I guarantee I’m not the only woman out there who has looked in the mirror at my post-partum body and despaired.  Gone is the smooth firm tummy – replaced with a wobbly stomach streaked with stretch-marks or a C-section scar.

I naively thought that the 21 kilograms I packed on while blissfully pregnant with my first son would magically ‘melt away’ after his birth.  I vaguely remembered reading somewhere that breastfeeding was equivalent to running a marathon everyday.

Unfortunately, after becoming acutely unwell after my son’s birth, I was admitted to a psychiatric hospital and put onto heavy doses of anti-psychotics and mood-stabilisers.

When I finally came home from hospital six weeks later, I curiously stepped on the scales and was devastated to find myself only 2 kilos lighter than when I was 9 months pregnant.  And my son had weighed 3.7 kilos!

Six years and two more babies later, I finally lost the last of all that ‘baby weight’ (although I’m not sure I can blame it on the baby….)

As a woman with bipolar disorder, losing weight has never been easy for me.  Staying well has always been my priority, so I’ve had to put up with the weight gain which is a side effect of the anti-psychotic and mood stabilizing medications I take.

To successfully lose 21 kilograms, while remaining on my medication, took me six years of healthy eating and exercise.

After what my body and mind had been through, I was determined not to go on the latest ‘milkshake’ diet and starve it of nutrients – but to nourish it with fresh, nutritious food.

With three preschoolers around, it became even more important to me that they see their mum exercising and eating healthily.  I didn’t have the option of going to a gym during the day, but discovered I loved exercising with the kids outdoors.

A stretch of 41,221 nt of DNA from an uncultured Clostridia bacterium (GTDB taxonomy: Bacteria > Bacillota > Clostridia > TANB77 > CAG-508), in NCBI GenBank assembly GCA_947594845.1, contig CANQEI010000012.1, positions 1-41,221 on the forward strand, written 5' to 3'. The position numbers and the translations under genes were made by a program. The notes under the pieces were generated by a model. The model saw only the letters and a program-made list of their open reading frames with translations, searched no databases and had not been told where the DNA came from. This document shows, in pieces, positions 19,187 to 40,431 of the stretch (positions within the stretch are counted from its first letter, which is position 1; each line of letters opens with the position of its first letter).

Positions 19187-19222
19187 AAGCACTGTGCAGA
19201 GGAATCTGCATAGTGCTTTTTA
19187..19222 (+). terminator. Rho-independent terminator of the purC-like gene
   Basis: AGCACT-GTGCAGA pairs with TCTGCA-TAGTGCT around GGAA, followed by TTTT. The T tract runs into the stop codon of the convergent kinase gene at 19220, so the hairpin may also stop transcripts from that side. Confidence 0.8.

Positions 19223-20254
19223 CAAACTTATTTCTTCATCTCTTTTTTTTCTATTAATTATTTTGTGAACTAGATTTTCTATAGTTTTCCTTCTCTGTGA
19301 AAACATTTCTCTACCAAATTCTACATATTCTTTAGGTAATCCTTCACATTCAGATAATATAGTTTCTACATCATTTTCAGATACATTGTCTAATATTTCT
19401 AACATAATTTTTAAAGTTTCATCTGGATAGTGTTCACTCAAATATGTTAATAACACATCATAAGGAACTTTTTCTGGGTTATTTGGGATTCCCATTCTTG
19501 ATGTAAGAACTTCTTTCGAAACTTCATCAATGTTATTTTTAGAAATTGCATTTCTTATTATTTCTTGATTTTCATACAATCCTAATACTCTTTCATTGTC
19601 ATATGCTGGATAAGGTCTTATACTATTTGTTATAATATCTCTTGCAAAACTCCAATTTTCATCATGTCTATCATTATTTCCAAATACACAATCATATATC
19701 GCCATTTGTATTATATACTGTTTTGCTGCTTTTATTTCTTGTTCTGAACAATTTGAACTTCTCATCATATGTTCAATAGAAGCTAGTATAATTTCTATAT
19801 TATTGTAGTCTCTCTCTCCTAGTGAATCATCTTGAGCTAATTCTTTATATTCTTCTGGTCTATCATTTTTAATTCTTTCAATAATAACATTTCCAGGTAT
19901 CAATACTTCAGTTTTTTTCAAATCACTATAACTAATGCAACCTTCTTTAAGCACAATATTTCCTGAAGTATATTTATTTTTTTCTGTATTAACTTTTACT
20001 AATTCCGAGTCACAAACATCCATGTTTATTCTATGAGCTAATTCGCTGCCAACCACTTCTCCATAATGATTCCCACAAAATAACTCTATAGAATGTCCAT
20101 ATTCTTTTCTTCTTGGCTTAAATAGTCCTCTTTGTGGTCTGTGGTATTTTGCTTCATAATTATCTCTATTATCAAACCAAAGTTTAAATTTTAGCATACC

An exercise class for mums got me running for the first time since high school – with my two and four year olds in the pram acting as my coaches, urging me to ‘keep running mummy – don’t stop!’

I still struggle with my eating habits (especially when I’m around chips…), but I’ve learnt that it is possible to be on medication and lose weight….slowly, but surely.

Has motherhood or medication caused you to struggle with your weight?   I’d love to hear your comments or stories.

Live life like a scone

Tonight my husband had a craving for scones (or ‘biscuits’ for those of you from America). Despite loving baking, for many years I have found the simple scone a struggle.

As a newlywed, keen to impress my in-laws, I whipped up a batch of scones.  Looking into the oven 12 minutes later, my confidence was dealt a cruel blow when I was confronted with small, hard rocks.  Even Polly, our six-month-old Golden Retriever turned her nose up at them.  And considering she’d eaten my watch and my parent’s camping tent the week before, that said a lot about my baking skills.

Fast forward thirteen years and I have finally discovered the key to a successful batch of golden, tall scones.

It turns out that scones need more than just self-raising flour to rise.  They need other scones. And not in neat, spaced out rows like biscuits.  They need to be bunched in real tight – with their edges just about touching.